A Guest Commentary
By The Federalist
One of the resources we use to monitor the U.S. Agency for Global Media (USAGM) is the State Department Office of the Inspector General (OIG), which has oversight responsibilities over and issues reports about USAGM and its operations.
Here is a link to a recent OIG report:
The summary of the report states:
“Each year, in accordance with the Reports Consolidation Act of 2000, the Office of Inspector General (OIG) for the U.S. Agency for Global Media (USAGM) identifies the most significant management and performance challenges facing the agency and briefly assesses progress in addressing those challenges. The resulting report is included in the agency’s annual performance and accountability report. OIG identified the following management challenges in fiscal year (F.Y.) 2022:
Information Security and Management
Contract and Grant Management
These issues go to the core of USAGM’s programs and operations. Continued attention to these concerns will improve USAGM’s operations and, accordingly, its ability to fulfill its underlying mission. OIG provides this report so that, taken together with the work OIG produces throughout the year, USAGM can institute appropriate measures to improve operational efficiency and effectiveness.”
From the perspective of many years of watchdog efforts by BBG Watch and USAGM Watch and the work of various congressional committees, along with media reports, we would observe that there is a lot more that is wrong with this agency than what this OIG report focuses on.
It claims that “These issues go to the core of USAGM’s programs and operations…”
Well, in some respects, yes and in others, no.
These are important support functions, but they are not mission functions. To be sure, things that are wrong in the support functions make things difficult in the mission functions. However, what is wrong with the mission functions goes much further.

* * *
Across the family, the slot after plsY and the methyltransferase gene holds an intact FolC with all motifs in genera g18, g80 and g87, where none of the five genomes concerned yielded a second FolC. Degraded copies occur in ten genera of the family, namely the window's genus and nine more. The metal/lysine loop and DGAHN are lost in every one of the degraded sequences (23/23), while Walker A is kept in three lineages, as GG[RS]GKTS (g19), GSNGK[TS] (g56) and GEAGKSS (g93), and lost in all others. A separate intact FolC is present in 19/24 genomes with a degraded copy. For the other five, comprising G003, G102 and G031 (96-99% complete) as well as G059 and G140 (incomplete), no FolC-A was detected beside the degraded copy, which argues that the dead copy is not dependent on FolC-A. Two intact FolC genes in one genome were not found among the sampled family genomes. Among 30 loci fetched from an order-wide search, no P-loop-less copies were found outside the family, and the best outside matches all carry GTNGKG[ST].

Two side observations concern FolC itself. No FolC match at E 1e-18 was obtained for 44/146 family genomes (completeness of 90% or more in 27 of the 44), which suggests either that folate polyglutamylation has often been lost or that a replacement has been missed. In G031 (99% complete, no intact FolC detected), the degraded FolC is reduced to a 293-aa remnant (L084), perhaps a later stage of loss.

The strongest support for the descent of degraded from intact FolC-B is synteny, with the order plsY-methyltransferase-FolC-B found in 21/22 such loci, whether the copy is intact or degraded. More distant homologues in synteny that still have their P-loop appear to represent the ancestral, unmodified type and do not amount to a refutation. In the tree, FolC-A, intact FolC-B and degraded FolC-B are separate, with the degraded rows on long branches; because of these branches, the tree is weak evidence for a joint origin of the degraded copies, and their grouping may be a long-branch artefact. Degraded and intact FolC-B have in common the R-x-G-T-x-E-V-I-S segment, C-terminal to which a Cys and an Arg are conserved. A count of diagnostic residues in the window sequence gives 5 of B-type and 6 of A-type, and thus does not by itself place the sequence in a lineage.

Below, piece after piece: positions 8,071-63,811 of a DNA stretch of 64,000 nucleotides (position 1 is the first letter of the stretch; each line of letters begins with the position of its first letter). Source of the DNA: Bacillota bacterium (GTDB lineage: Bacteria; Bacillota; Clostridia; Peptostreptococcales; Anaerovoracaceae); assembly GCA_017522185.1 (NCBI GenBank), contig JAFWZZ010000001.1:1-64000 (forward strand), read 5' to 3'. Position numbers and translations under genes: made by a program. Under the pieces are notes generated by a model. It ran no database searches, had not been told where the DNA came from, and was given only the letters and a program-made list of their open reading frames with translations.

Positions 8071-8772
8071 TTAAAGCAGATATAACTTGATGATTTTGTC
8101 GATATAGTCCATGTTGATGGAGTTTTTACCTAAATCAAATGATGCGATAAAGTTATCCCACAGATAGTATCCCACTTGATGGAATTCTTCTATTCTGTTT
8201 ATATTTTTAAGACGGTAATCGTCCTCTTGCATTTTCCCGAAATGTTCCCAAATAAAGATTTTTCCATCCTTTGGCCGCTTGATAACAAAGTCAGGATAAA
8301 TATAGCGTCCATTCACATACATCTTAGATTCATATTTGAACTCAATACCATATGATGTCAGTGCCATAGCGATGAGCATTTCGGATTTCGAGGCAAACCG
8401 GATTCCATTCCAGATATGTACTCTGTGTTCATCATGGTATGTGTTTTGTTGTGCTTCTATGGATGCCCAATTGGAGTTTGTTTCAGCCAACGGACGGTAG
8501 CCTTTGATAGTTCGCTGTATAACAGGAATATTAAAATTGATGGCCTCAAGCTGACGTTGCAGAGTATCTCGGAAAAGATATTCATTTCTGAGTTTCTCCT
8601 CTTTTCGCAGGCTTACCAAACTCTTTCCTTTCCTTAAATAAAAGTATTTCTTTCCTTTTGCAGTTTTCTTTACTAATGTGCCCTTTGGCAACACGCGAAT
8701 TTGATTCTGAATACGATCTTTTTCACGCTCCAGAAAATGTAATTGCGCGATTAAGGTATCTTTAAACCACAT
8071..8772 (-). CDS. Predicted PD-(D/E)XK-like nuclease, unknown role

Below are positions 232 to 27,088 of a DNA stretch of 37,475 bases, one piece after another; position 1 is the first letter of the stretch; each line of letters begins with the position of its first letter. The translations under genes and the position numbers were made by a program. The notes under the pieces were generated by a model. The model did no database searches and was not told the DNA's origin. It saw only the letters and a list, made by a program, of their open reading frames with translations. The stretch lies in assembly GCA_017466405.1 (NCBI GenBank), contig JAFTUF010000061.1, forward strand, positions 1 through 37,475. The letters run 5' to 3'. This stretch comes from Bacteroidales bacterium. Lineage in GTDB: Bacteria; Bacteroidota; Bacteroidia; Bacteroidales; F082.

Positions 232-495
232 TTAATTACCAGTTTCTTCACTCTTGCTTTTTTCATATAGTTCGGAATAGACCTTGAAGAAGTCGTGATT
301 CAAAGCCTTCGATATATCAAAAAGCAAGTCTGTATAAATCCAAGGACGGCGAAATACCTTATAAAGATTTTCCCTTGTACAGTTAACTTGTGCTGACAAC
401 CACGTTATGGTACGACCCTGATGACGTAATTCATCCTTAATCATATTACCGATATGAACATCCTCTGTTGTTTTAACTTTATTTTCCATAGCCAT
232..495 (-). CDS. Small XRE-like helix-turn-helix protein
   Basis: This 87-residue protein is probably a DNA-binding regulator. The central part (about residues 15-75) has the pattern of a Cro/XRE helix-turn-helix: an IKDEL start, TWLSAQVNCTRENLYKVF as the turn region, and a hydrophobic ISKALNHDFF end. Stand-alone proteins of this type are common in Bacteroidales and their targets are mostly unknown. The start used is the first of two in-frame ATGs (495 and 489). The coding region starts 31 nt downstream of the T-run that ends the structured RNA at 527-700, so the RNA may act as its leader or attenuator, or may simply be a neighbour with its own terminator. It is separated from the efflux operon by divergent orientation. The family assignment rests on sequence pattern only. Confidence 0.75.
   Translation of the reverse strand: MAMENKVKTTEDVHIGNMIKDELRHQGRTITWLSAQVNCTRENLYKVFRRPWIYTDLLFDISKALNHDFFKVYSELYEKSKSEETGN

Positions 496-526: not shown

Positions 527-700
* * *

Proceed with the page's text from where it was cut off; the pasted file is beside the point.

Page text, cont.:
The core of what this agency does (mission functions) is embedded in the Voice of America (VOA) Charter. For years, the agency has ignored the VOA Charter and has shifted the focus to “nation-building” in the form of the mission statement that says the agency operates “in support of freedom and democracy.”
The VOA Charter
1. VOA will serve as a consistently reliable and authoritative source of news. VOA news will be accurate, objective, and comprehensive.
2. VOA will represent America, not any single segment of American society, and will therefore present a balanced and comprehensive projection of significant American thought and institutions.
3. VOA will present the policies of the United States clearly and effectively, and will also present responsible discussions and opinion on these policies. (Public Law 94-350)
The VOA Charter is clear on what constitutes free and objective journalism. What constitutes “freedom and democracy” is open to interpretation. Worse, lessons that this agency and U.S. foreign policy, in general, fail to acknowledge is that what we consider to be “freedom and democracy” has served the United States well over its history but is a very difficult export product if it has to be sold rather than being already widely accepted. USAM’s surrogate broadcasters should have provided a free press substitute for the censored domestic media, but they can’t function freely and effectively under the dysfunctional federal government bureaucracy in Washington.